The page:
Meeting Willow

December 17, 2009
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I stuck my hands deep inside my pockets and fished out a piece of bubble gum while eagerness drew up the corners of my mouth. Ma never liked it when I chew, so to avoid her scolding, I treated myself to it in secret. I smiled wider at the thought of her seeing: dilly-dallying my way home instead of rushing back, mud stains on my overalls, and gum-chewing. I stopped abruptly for a second. Mud stained overalls… rats! Ma wasn’t going to be happy about that one. Well, no sense worrying about it now. I shrugged my tension off. She’d just fuss over it for a bit and blame in on my ‘no good friends for corruption my behavior,’ as she put it time and time again.

No matter how I slowed my pace to lengthen the walk in Forge’s Meadow, I always reached the battered, old bridge that overhung my little creek too soon. I strolled along my parent’s property, savoring the last few seconds of my gum before spitting it out in the grass at the edge of my front yard. My house wasn’t anything special; just a plain, one-story home you’d see in any other neighborhood. It had faded light-blue paint and white shutters that didn’t close properly anymore. The front porch was elongated to the length of the entire house and it held dainty hanging pots of pansies and violets that drooped with thirst in the hot summer sun. Temptation shook me, just like every other time, to knock one of those pots down as I passed under them, but I made my way to the screen door, head held high in defiance to such longings.

That was the moment I heard the shouting. Looked like Ma and Pa were upset over something that was probably really stupid, and they were both in a rage. I really didn’t feel like listen to it today. With a sigh I walked around the corner of the house and through my backyard where there was another smaller building not a hundred yards away. This building looked much warmer if not more welcoming than my home, and I was comforted by the fact that I would be met there with actual affection.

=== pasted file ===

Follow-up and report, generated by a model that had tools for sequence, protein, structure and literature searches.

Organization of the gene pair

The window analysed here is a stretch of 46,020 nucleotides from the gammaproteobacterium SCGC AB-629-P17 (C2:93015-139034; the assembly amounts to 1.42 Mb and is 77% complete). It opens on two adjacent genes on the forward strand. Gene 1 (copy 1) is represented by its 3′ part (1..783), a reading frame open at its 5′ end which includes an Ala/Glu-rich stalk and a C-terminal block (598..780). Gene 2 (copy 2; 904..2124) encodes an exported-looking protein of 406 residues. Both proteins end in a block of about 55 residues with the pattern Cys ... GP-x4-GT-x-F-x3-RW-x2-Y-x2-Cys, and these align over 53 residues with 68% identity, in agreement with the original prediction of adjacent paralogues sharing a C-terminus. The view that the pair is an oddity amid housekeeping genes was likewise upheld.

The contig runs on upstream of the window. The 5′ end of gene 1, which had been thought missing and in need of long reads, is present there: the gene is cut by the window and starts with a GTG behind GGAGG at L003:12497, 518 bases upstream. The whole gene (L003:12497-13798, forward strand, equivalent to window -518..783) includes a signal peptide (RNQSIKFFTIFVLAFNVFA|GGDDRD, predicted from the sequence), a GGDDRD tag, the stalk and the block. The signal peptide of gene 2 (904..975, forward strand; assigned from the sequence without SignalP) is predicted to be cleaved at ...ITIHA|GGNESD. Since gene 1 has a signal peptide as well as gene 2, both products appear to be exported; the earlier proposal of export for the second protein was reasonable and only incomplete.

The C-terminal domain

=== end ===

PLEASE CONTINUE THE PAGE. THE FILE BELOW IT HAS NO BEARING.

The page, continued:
I rapped on the tattered front door and felt footsteps pound at the foundation of the little house as someone made their way to answer. She already knew it was me, but she gave me the benefit of her surprised smile when she opened the door. Ina moment I was engulfed in a hug that encompassed my entire body, but I held tight to the plump, warm figure in return.

“My little Sam has come to see me again today?” she asked as she pulled away, her hands still on my shoulders, taking in my appearance. “Well, bless my soul, looks like you’ve been rolling with the dogs, missy! Get on in here and let’s get you cleaned up a bit and something in that stomach of yours.” She continued with a wink, pulling me in and closing the door behind me.

“I just thought I’d stop by and see if you were still breathing in all this heat,” I fanned myself, exaggerating the motion.

Her church bell laugh resonated in my ears. “Why, of course your Willow’s fine. I think this cranky old woman knows how to handle Mother Nature by now. Come on now, take those shoes off and sit yourself down.”

I kicked my ratty shoes to the corner and took a seat in one of her cushioned chairs.

Willow never doubted why I came here, but she never said a word. She kept the peace that way, and it made me feel better to knot think about what was going on just a house away. I couldn’t help but feel a bit lighter here, more free. This was my Willow and I felt safe with her here. This was my home in every sense of the word.

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